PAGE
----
Screenshot via YouTube/C-SPAN

The Vast Majority Of Californians Shun Quake Insurance

By Steve Johnson, San Jose Mercury News

SAN JOSE, Calif. — Despite California’s ever-present risk of major earthquakes, the number of homeowners in the state with insurance coverage for quake damage has dipped significantly over the last several decades, from 33 percent in 1996 to just 10 percent today.

The reason, say experts and some homeowners: the high cost of coverage, the quarter century lapse in a major quake until Sunday’s shaker in Napa County, and for some people the expectation that the state or federal government will step in to reimburse homeowners when the Big One hits.

“You think about it after the earthquakes,” said 44-year-old Robert Jordan of Napa, who has avoided getting quake insurance despite living through the 1989 Loma Prieta quake and another shaker near his home in 2000. “But it’s amazing how quickly we go back to our normal ways.”

Despite having major damage to glassware and other breakable items in his kitchen during Sunday’s quake, he added, he’s still probably not going to get a quake policy because “it’s expensive and major quakes happen so infrequently, it seems like a luxury more than a need.”

Many other people share that view, said Glenn Pomeroy, CEO of the California Earthquake Authority, a public agency that provides about 70 percent of all of the residential quake policies in the state.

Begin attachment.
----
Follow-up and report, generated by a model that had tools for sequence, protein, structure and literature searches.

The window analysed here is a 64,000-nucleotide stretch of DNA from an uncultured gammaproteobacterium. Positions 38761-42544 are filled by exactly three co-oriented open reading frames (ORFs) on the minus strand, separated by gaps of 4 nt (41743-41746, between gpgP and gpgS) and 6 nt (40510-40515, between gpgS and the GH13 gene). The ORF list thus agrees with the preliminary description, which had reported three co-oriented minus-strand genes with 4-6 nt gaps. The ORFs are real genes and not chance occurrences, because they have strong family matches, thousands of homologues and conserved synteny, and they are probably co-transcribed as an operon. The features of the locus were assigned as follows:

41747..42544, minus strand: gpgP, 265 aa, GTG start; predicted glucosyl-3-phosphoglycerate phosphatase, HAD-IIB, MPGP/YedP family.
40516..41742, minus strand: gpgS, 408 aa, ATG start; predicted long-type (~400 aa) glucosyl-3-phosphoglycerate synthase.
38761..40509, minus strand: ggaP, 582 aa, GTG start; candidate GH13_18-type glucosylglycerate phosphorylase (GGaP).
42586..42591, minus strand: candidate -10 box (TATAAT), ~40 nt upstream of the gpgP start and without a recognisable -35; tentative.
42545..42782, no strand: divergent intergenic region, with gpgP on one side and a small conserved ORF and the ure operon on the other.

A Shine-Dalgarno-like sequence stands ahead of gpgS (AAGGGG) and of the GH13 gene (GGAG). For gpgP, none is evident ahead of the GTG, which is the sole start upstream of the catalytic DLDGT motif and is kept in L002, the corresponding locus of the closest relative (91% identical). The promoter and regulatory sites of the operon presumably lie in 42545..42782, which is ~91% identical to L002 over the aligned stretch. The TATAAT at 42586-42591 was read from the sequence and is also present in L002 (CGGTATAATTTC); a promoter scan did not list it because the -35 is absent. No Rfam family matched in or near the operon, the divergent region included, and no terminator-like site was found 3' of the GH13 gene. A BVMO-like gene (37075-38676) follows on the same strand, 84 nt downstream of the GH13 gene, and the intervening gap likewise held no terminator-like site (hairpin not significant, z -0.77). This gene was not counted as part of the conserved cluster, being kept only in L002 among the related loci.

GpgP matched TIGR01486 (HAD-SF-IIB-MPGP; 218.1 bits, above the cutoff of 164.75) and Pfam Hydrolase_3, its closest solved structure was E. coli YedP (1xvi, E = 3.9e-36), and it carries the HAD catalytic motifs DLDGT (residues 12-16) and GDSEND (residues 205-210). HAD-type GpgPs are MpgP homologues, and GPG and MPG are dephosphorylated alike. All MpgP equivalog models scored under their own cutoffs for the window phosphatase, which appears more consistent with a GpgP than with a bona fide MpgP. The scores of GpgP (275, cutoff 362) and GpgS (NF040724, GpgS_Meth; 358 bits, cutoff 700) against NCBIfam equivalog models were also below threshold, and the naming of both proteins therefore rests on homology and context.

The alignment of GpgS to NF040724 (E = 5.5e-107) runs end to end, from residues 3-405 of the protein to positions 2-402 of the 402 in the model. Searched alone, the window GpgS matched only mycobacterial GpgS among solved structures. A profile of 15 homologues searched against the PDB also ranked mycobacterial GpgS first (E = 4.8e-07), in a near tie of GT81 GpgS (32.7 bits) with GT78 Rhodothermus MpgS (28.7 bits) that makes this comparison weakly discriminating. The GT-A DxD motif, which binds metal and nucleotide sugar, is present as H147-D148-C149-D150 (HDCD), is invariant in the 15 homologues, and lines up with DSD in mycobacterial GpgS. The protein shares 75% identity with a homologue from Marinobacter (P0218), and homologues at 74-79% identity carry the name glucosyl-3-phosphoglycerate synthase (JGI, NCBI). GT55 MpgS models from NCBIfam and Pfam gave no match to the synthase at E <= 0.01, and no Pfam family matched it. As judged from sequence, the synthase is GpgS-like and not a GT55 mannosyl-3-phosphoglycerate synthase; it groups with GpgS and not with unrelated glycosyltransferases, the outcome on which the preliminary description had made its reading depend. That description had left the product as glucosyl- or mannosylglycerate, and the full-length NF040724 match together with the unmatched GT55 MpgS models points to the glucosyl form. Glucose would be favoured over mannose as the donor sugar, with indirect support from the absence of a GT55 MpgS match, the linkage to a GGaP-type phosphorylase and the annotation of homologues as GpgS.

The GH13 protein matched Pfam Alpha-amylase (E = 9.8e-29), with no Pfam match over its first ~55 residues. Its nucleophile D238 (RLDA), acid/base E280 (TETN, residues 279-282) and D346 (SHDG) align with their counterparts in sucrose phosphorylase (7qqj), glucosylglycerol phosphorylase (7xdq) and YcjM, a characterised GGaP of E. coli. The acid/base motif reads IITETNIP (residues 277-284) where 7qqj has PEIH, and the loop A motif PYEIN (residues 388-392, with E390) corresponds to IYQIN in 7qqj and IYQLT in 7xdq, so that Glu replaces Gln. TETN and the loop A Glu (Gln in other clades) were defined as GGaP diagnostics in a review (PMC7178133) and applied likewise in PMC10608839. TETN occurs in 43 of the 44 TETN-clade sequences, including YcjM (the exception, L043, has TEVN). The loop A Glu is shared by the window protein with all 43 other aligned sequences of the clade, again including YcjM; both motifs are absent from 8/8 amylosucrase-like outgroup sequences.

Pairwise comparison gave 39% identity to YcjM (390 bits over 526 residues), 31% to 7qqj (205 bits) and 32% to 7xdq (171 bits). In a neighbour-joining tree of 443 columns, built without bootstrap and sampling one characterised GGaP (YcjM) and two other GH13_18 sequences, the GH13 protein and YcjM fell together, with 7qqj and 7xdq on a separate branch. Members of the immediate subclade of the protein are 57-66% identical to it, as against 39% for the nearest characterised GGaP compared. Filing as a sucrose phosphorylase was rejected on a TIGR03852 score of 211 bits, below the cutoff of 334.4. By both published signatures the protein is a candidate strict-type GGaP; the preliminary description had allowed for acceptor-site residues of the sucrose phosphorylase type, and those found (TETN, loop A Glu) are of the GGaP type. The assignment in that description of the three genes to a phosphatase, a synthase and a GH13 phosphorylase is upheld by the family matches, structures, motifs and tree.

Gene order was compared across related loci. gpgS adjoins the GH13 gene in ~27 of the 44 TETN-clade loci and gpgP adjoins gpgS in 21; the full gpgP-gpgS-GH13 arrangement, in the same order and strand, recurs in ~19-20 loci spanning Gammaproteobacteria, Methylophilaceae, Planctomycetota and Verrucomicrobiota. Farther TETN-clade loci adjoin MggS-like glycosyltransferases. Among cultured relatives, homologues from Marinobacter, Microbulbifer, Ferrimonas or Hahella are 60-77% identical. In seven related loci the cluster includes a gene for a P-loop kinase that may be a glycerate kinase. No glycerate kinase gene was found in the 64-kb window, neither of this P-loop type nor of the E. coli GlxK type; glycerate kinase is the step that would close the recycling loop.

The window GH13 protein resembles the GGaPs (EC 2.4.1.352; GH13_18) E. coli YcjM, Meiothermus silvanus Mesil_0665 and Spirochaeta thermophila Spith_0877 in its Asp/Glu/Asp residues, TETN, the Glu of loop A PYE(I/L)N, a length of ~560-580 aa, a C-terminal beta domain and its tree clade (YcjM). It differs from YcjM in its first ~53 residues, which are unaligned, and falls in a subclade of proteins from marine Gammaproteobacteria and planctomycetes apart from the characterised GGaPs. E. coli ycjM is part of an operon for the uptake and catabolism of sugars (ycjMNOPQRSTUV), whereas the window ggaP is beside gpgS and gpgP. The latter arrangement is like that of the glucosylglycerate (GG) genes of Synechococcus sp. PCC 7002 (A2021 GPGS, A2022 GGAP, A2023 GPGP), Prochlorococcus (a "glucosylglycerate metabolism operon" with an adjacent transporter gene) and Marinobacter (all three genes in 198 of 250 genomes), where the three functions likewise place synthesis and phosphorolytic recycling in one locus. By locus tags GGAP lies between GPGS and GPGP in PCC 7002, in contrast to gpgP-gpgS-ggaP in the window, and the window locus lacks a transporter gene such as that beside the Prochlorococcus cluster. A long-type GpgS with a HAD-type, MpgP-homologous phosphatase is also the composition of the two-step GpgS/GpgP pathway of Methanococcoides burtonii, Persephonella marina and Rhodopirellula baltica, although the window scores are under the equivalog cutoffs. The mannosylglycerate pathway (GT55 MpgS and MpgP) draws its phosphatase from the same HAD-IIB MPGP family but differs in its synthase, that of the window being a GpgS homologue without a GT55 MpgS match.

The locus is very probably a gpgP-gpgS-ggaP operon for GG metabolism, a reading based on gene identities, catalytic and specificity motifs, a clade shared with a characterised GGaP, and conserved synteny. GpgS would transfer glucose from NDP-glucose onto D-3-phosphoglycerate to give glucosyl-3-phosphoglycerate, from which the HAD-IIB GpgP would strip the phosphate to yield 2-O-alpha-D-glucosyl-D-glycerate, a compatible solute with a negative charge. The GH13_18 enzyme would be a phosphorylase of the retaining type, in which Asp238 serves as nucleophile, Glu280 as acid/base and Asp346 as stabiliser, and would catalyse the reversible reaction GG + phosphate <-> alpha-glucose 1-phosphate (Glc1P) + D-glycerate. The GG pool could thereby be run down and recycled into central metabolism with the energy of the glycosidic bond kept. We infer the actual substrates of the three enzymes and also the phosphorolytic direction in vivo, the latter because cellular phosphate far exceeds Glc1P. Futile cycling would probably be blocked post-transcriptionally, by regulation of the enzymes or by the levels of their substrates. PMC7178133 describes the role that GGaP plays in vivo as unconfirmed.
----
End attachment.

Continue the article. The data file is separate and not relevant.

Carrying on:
“It’s out of sight, out of mind.” Because it had been so long since a major temblor rocked California, he added, “A lot of people just fail to realize it could happen to them.”

Less than 6 percent of homeowners in Napa had the insurance, the authority said.

Aside from the length of time since the last major quake, the cost of coverage is another big reason many people shun insurance.

To be covered for earthquake damage other than fire, homeowners typically need an earthquake policy in addition to their homeowner’s insurance, and the average annual cost of earthquake premiums statewide is $798. The cost varies depending on whether the insurance comes with a standard 15 percent deductible or a 10 percent deductible. Either way, the deductible could leave homeowners with a sizable bill even if they are insured.